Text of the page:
APEX, N.C. — Road testing for what could be an extension to Interstate 540 has put an Apex man and his family on bottled water.
Carey Hunter said the land his house and family cemetery are on has been in his family since the 1700s. However, that land lies in the path of the proposed route for the interstate.
Hunter said that if and when the roadway comes, he will lose a lot, but his most immediate problem is his water.
In April, the North Carolina Turnpike Authority dug test borings to check the soil's worthiness as a roadbed.
"When I came home from work, the water out of the spigot was like chocolate milk," Hunter said. "So, I went to call them, and nobody wanted to accept blame."
The Turnpike Authority said contractors drilled into Hunter's well with their test borings, clouding the water.
A representative with the North Carolina Turnpike Authority said the agency is working with the North Carolina Department of Transportation's geotechnical office to try to fix Hunter's well. It has provided him with bottled water in the meantime.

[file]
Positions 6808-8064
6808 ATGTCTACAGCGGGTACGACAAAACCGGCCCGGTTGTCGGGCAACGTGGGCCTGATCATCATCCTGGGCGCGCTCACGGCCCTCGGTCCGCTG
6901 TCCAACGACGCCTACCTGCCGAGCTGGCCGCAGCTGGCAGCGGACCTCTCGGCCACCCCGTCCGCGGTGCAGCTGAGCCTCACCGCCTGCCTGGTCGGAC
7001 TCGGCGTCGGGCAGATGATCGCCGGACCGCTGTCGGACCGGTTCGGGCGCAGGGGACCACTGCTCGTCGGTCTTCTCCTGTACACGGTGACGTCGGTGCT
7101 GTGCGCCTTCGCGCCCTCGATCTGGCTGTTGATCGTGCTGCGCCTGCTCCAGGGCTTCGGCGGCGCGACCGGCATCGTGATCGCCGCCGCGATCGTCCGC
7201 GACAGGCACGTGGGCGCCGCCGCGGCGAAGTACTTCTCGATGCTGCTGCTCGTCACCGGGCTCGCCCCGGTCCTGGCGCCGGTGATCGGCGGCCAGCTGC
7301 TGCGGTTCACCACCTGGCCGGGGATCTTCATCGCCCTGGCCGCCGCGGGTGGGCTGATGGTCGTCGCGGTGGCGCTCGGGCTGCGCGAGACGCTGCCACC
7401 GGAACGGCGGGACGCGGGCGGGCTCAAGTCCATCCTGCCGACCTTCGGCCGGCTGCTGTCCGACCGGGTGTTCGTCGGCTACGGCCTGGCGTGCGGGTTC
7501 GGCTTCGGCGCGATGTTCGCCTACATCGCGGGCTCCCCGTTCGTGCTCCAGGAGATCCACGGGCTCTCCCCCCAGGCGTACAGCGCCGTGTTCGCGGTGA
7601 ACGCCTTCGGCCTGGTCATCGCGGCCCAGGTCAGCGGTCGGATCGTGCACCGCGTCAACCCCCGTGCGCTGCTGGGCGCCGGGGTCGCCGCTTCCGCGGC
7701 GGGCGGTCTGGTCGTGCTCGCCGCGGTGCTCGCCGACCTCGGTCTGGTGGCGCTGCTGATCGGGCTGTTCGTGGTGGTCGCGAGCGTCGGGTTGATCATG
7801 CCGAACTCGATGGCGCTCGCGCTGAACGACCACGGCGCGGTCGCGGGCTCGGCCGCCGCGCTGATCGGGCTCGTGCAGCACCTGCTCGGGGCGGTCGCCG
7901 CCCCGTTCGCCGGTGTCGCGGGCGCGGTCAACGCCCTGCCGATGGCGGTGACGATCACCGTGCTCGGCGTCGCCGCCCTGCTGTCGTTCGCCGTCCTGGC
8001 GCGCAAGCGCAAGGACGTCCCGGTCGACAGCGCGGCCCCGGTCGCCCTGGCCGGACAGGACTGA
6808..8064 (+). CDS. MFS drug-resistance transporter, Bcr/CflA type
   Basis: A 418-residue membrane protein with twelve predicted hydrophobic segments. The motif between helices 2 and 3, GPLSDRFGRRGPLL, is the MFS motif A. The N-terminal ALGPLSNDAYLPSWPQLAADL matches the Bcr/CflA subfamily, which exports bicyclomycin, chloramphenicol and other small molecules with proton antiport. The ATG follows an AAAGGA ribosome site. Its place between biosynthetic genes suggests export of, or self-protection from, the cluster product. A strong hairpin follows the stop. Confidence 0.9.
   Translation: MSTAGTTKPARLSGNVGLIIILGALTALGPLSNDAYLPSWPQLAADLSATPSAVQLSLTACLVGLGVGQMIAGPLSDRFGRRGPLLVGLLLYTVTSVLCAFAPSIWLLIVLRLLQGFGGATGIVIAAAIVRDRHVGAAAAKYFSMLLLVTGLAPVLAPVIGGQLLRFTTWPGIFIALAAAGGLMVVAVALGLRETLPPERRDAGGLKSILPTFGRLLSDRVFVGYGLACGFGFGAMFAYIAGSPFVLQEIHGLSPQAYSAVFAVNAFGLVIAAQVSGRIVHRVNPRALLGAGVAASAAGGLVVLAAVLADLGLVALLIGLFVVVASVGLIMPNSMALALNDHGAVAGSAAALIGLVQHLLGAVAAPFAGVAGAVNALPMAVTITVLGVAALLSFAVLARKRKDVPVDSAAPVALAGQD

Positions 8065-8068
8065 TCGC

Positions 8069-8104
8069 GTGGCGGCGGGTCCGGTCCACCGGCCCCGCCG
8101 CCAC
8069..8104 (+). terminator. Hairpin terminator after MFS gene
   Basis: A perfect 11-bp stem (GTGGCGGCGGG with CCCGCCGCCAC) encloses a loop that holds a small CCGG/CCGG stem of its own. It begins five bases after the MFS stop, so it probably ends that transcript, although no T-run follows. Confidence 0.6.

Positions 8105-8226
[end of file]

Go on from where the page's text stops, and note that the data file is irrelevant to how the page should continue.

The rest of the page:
"They've been working with me, but it's a very, very slow process – months and months – and there's not an end in sight that I can see," Hunter said.
Hunter said he also is concerned about the Triangle Transit Authority's commuter rail project. That project would place a rail station on his property.
But, like I-540's extension, the commuter rail isn't definite, and that leaves Hunter unsure about the future.
"What if they don't build the road for 10 more years, where will we be? Right here, with water problems," Hunter said. "Are they going to continue to bring us water? What's going to happen?"